Everyone We’ve Been by Sarah Everett


“…whether it’s the best or worst thing that’s ever happened to you, you can tell the story any way you want.”

Addison Sullivan has been in an accident. In its aftermath, she has memory lapses and starts talking to a boy that no one else can see. It gets so bad that she’s worried she’s going crazy.

Addie takes drastic measures to fill in the blanks and visits a shadowy medical facility that promises to “help with your memory.” But at the clinic, Addie unwittingly discovers it is not her first visit. And when she presses, she finds out that she had certain memories erased. She had a boy erased.

But why? Who was that boy, and what happened that was too devastating to live with? And even if she gets the answers she’s looking for, will she ever be able to feel like a whole person again?

Book Links: Amazon | BDGoodreads | Publisher

Personal Thoughts:

Told in a fresh and cutting perspective Everyone We’ve Been is a compelling mystery that will surely keep readers turning pages.

The story centers to Addie as she try to solve the mystery of her memory lapses and the identity of the boy she met in a bus ride home.

After being in an accident, Addie keep seeing the mysterious boy wherever she is. When she tried to introduce him to her friend, she found out that she’s the only one who can see the boy. Afraid that she is going crazy, she try to seek help through a local clinic that specialize with memory. But instead of getting answers she leaves the clinic with more questions. Addie needs to find out what’s happening to her. What she is seeing or remembering? And what she is forgetting?

One of the reasons why this book is a hit for me is because of the central message of the story. Addie’s story will remind readers how important it is to face our problems. Experiences bad or not are necessary for our own growth.

Sarah Everett writing is captivating and her lines are sometimes resonating. I particularly like some of Addie’s lines about music and life.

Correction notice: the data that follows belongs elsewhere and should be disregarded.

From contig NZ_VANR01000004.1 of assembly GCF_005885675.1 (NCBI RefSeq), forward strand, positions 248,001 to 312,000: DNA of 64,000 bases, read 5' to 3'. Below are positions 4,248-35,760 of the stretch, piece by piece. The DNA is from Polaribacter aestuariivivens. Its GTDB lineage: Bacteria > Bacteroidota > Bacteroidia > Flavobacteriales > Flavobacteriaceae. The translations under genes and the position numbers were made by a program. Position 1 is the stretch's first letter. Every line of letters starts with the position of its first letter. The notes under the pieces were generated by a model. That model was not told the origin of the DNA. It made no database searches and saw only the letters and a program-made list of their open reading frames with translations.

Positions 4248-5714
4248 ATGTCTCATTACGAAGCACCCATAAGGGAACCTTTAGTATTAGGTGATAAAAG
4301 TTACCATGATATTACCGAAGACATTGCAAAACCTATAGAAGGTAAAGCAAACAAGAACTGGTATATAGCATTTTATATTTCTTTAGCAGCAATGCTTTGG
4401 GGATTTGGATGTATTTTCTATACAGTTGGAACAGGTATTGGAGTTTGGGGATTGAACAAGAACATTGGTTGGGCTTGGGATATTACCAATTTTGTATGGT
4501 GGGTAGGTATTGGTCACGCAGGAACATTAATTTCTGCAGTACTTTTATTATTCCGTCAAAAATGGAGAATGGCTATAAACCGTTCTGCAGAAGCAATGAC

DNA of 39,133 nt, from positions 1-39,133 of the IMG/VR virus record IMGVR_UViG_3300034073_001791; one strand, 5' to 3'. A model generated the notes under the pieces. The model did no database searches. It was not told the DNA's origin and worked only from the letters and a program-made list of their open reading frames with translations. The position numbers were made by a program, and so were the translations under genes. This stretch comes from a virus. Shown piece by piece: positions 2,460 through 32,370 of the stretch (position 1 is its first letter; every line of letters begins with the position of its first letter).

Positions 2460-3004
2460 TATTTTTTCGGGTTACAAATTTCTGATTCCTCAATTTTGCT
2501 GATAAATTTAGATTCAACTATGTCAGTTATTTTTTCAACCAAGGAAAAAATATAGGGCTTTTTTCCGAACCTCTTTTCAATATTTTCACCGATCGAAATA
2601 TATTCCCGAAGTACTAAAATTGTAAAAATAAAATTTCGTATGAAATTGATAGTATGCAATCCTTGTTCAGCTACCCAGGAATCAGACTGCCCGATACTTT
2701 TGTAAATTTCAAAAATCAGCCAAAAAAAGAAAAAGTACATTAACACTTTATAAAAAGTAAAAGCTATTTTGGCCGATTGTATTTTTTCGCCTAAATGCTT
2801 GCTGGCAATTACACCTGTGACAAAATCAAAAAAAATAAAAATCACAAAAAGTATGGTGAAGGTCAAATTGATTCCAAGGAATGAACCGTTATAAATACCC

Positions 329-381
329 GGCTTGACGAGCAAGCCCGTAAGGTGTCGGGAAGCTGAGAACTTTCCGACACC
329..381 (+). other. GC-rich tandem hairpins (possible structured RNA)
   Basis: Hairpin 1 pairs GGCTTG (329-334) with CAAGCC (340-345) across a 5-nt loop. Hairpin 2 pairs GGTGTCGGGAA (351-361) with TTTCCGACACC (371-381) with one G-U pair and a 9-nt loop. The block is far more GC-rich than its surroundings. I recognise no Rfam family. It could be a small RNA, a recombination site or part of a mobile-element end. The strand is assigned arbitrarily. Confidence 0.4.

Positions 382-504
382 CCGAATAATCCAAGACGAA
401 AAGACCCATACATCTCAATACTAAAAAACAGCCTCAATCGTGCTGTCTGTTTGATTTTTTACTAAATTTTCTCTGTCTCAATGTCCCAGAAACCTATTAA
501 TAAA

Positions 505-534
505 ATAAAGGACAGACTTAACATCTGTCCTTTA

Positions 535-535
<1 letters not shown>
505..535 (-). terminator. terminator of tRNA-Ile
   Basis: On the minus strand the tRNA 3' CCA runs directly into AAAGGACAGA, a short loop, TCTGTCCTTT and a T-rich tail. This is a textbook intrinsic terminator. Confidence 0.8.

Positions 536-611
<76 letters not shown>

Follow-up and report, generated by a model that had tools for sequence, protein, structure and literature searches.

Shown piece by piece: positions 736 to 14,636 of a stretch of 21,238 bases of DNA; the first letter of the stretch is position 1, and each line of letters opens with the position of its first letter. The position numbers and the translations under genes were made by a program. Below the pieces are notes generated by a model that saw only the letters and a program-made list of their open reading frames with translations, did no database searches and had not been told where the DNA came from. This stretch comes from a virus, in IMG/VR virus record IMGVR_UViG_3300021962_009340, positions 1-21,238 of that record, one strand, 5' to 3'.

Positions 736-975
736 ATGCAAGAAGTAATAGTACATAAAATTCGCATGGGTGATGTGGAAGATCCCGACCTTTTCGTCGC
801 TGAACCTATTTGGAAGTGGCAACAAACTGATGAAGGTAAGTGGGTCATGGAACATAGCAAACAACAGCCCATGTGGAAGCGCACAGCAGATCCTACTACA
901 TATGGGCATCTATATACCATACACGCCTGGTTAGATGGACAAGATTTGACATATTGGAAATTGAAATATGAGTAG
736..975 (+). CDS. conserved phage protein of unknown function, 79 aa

“In a way, it feels like I’m waiting for my life to start. Waiting for my life to feel as full and as vibrant outside of a melody as it does in it.
Sometimes I feel like I’ve sleepwalked through my life so far, with nothing significant or extraordinary happening to me. It’s time for that to change.”

“But mostly, I found things in my music. Hope. Distraction. Happiness. I found those things and held on to them as long as the piece lasted, and then I tucked them back inside a melody where they’d be unreachable.”

The plot though predictable never go down the bottom hill. It is still a thrilling read to wait for Addie hit realization. Since the book is written in different timelines – before and after Addie’s the accident, readers will put together things first before Addie will. And while waiting for Addie to put things together, readers will surely feel for her.

Addie as a character is easy to like. I root for her even at times I don’t believe that she’s making the right decisions. I don’t agree with all her choices and decisions but I won’t argue that those are realistic options for her. After-all, she is still young and unfortunately, haven’t learned yet from her past – past experiences that could have been make her stronger if not erased from her. I’m just glad that in the end she choose a different route.

The memory erasing part kinda remind me of Adam Silvera’s debut novel, More than Happy Than Not which I recently read. And having read that one, Everyone We’ve Been doesn’t sound too unbelievable anymore with its science-fiction element. Though I still questions some of the odds and technicality they never hinder my reading experience. It’s not perfectly smooth but mostly those speculative part blended well in this contemporary world of Addie.

Overall, Addie’s search for answer is a thrilling and compelling read. I absolutely could not put the book down. It’s a quick exploration about how experience shapes who we are as a person. Because memories – good or bad are part of our story. And stories like Addie is something to be told which makes me thankful to Sarah Everett for doing so. And she also told it beautifully. Which reminds me of what Addie says in the last part of the book — “you can tell the story any way you want.” And Sarah’s way is something readers won’t forget in a while.

* This review is based on a copy I received courtesy of the publisher, Penguin Random House International.

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